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Testimonial by Otsieno Namwaya, Fellow, AfriCOG Investigative Journalism Fellowship
Reading through the newspaper advertisement calling for applications to the investigative journalism fellowship, the idea looked eye catching, yet so easy to ignore. In the words of some of my professional colleagues that I consulted, what would any experienced journalist gain from such a programme? But then, I wondered, isn't there just so much one would gain professionally by simply taking time off routine schedule, concentrating on a subject ofinterest without regular newsroom pressures and deadlines, get time to delve deeper into an issue than the usual run of the mill story and yet still get an additional dime for it? The experience of writing about corruption, whether in government or outside government, often intrigued me.
It often struck me like, in Kenya, there is always a missing link to the media crusade against corruption. Who, for instance, would ever write anything credible and authoritative regarding the usual juicy after work musings by journalists about who paid what to kill what story; whose press conferences journalists crave for and why; how journalists in Kenya relate to news sources and what role the old adage "he who pays the piper calls the tune" plays in the orientation of news or simply the treatment of stories? Somebody will have to do it some day and I had the burning desire for just that. To me, the close to six months I spent pursuing this story was an eye opener. I had, for example, thought that I knew enough about corruption in the media, but then it turned out what I knew was less than five percentage of what actually there is in the media.
Further, when I sat down to write the story of my findings, I realized at the end of it that I had only used about 10 percent of what I had collected. Part of this was, of course, because of care not to infringe on individual liberties, privacy or even due to the inhibitions of Kenya's stringendy applied libel laws. But the main reason was that, first, there was just not enough time to pursue each lead to its conclusive end. The other reason was that, unlike the regular news sources that I have been accustomed to, journalists turned out to be more thin skinned than I had imagined. Those mentioned adversely declined to even pick or return calls, became outright hostile and even issued threats. Others went a step further and issued immediate threats to their "client sources" against talking to me. This meant that I would on numerous occasions receive calls from informers pleading that I should not use the information they had willingly given.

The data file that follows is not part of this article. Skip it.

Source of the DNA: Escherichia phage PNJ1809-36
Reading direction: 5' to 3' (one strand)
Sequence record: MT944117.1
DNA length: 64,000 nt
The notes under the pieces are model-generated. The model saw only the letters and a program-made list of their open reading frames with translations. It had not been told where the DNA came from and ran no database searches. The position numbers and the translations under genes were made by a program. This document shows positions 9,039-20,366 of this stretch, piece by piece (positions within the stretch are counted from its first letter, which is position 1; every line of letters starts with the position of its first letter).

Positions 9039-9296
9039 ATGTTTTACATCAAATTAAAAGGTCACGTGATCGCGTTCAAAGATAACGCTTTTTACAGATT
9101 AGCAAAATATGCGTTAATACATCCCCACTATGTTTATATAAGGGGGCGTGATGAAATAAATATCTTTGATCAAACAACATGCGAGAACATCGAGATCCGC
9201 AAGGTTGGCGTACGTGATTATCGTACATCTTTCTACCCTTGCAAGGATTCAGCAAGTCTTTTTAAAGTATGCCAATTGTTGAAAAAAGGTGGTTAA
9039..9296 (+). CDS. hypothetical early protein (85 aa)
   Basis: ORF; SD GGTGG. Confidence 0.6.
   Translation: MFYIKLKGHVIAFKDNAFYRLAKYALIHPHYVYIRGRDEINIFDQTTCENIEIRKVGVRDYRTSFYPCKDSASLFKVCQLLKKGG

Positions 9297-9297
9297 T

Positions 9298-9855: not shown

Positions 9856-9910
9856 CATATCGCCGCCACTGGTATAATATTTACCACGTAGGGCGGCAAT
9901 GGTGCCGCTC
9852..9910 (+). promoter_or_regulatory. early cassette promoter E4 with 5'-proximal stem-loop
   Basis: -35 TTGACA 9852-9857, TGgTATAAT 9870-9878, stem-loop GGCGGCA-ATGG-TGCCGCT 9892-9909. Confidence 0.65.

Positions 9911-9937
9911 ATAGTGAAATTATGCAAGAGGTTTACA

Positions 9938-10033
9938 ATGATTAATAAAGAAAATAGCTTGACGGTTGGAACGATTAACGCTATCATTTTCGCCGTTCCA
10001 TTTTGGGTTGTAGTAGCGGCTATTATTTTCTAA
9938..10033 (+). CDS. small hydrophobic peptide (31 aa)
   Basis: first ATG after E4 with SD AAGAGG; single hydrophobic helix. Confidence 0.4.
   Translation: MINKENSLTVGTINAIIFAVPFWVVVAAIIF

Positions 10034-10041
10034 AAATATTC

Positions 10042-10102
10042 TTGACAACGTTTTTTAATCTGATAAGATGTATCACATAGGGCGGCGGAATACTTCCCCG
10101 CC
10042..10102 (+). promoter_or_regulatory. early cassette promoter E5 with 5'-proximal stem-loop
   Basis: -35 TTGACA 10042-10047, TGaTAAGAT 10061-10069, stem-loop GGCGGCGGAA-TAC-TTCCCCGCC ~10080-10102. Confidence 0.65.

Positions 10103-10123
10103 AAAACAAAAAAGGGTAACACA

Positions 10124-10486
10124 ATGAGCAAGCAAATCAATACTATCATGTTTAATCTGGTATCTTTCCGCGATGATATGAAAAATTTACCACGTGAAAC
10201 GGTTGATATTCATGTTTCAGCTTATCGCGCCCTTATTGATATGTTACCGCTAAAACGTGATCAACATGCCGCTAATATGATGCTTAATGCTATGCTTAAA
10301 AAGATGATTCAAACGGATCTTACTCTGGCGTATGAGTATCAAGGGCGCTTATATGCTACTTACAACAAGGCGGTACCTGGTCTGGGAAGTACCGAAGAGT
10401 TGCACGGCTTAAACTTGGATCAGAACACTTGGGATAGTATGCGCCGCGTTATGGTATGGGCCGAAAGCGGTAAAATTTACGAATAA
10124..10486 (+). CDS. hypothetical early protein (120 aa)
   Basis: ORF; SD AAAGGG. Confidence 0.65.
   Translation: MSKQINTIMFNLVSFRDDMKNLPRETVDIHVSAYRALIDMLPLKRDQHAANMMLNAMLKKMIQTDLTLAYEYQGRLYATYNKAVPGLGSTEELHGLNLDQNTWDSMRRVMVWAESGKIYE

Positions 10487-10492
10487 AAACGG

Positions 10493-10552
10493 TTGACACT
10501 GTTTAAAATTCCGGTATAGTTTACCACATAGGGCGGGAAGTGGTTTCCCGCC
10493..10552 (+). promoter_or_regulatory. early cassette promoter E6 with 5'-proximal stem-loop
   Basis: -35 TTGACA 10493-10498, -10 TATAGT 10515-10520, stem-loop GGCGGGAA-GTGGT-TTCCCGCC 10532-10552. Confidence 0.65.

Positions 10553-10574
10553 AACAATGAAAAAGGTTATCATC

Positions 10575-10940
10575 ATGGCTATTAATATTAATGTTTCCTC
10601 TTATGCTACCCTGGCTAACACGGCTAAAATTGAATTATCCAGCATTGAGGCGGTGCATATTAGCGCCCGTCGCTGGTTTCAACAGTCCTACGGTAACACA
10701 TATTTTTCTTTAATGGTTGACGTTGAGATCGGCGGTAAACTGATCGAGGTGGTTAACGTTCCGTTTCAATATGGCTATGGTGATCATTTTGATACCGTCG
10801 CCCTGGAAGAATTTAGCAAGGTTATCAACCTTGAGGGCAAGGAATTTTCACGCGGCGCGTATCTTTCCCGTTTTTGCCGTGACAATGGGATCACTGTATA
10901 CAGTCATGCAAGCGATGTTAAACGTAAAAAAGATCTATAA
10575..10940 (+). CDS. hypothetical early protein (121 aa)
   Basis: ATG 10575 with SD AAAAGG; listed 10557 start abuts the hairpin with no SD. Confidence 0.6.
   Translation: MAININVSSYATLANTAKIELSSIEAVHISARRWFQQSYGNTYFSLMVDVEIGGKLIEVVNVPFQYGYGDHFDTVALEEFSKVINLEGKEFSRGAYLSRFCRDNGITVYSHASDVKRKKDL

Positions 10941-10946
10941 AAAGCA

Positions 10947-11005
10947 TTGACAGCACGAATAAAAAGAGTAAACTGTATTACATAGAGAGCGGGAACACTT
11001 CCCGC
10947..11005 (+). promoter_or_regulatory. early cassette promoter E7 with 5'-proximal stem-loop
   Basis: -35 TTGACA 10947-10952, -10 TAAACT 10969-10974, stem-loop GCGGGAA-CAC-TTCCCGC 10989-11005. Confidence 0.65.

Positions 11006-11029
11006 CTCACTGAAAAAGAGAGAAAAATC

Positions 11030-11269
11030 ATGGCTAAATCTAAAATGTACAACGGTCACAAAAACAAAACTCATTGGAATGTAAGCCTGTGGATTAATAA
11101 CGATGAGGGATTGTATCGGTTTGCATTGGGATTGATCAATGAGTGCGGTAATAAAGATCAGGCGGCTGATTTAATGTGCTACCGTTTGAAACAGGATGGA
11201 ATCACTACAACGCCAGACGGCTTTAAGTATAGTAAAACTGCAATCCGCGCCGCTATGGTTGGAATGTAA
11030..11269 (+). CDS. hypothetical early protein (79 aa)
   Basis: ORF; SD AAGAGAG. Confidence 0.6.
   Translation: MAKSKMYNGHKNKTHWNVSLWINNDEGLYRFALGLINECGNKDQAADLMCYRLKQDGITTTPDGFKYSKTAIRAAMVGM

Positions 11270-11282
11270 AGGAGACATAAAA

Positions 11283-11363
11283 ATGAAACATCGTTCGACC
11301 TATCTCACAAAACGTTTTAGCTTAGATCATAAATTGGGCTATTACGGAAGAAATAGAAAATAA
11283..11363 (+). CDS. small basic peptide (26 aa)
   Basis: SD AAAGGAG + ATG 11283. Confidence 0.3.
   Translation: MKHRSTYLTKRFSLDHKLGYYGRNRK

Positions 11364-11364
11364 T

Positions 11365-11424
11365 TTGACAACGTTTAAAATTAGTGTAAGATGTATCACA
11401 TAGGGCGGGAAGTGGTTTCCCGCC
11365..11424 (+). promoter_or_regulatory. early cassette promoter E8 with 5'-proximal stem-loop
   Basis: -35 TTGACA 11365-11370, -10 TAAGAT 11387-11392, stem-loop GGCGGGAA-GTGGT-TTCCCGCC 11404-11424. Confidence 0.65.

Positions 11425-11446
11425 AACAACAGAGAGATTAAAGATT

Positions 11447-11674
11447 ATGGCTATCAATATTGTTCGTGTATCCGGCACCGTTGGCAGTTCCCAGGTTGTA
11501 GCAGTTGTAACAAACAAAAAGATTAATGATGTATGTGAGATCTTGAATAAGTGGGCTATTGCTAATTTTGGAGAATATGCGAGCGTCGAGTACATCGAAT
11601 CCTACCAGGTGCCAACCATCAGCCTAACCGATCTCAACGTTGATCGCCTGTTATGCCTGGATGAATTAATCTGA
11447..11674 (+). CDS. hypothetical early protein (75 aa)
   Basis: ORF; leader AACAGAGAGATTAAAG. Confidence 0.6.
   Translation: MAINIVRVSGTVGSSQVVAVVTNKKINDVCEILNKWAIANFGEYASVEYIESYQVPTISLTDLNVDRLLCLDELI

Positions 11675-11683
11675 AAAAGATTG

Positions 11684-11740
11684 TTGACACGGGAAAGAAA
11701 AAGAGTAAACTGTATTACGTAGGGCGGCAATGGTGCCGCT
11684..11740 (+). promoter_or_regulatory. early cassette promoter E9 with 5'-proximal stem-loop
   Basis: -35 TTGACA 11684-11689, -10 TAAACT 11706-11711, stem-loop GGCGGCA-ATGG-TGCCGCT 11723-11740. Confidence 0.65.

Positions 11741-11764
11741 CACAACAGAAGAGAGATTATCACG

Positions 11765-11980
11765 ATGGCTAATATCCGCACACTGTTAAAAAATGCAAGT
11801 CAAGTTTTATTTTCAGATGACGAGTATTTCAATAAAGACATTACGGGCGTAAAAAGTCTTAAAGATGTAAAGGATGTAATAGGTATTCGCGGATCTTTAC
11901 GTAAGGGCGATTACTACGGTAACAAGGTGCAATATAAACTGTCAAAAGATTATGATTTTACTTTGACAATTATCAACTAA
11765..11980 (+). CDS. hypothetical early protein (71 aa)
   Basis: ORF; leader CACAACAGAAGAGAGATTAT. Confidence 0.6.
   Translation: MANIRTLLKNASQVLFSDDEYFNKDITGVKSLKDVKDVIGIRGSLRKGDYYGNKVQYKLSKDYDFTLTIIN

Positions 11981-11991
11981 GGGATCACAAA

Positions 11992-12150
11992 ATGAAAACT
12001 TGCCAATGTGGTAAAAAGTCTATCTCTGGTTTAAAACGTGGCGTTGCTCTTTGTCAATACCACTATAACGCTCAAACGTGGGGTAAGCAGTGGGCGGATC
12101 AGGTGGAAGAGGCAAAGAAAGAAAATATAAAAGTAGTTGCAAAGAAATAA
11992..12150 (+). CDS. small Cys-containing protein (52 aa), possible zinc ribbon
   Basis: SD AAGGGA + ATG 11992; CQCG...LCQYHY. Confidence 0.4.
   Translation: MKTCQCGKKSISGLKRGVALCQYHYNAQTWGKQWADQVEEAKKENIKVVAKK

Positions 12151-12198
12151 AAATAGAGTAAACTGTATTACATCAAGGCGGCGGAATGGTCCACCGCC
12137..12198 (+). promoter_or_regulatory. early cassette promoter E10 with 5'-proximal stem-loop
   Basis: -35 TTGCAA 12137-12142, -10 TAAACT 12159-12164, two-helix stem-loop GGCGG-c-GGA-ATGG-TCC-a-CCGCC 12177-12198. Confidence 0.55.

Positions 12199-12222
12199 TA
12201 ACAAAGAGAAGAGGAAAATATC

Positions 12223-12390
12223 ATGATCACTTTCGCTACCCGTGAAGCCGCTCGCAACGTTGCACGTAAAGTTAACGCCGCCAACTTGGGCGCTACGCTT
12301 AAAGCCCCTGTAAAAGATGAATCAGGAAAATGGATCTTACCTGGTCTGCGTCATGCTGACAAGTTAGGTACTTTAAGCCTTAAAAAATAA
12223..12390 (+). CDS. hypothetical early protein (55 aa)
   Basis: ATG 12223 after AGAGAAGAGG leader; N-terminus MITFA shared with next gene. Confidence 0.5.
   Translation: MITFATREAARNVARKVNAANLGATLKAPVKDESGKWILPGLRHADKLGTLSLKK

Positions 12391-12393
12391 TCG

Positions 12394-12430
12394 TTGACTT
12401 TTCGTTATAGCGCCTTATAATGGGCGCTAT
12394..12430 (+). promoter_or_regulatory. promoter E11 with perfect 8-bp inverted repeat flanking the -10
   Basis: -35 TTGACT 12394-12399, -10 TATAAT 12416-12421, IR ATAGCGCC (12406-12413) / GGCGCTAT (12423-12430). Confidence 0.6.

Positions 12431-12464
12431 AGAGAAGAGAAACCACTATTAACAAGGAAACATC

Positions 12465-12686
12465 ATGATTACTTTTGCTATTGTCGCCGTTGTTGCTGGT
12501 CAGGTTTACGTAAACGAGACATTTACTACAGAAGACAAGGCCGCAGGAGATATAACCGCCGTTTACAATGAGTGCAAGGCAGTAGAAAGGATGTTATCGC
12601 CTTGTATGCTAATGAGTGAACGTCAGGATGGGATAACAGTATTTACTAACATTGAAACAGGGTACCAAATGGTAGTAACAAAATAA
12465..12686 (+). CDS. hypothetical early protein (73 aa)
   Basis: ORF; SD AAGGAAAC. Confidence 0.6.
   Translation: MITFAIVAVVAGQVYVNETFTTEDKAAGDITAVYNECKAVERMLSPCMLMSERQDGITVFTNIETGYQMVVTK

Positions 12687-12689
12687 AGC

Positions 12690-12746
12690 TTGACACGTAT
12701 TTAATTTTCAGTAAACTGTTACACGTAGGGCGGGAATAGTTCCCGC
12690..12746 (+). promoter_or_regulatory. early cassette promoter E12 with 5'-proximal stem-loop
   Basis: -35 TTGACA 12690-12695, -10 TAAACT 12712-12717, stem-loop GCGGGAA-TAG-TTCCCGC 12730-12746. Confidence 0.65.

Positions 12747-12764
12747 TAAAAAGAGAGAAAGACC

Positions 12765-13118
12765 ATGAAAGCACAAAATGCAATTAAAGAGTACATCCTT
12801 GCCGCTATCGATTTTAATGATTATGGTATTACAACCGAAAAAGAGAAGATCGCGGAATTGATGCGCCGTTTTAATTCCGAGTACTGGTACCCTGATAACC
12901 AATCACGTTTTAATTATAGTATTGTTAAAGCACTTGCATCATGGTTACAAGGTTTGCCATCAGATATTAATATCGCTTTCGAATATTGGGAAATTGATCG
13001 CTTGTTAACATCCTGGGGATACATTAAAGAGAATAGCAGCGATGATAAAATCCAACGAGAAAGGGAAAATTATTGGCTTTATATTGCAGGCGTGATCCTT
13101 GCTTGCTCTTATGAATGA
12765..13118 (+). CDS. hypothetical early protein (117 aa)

For this reason, the most notorious cases of media corruption that I came across have not been told in these pieces. There are two aspects of corruption in the media, therefore, that need to be further explored in greater detail. First is what I call the story of the lords of media corruption -the really big timers who rake more money from bribery and retainers from sources than their actual salaries, and they are known by nearly every journalist worth his salt. Each media house has its share of this type -they enjoy a certain aura and influence within the media. The second aspect about which there is so much, yet both the innocent informers and culprits talk about it only in hushed tones, is the type of corruption that exists between police and the so called crime reporters. I have just scratched the surface of this matter, and I suspect it will take long before someone can come up who will tell the real story of corruption between police and journalists whether what crime reporters give to readers is the truth or just carefully planted propaganda by police. It has been a learning experience for me, a huge one, and I wish that more people take the opportunity to delve into subjects of their interest away from the pressures of the newsroom."
Fellow, AfriCOG Investigative Journalism Fellowship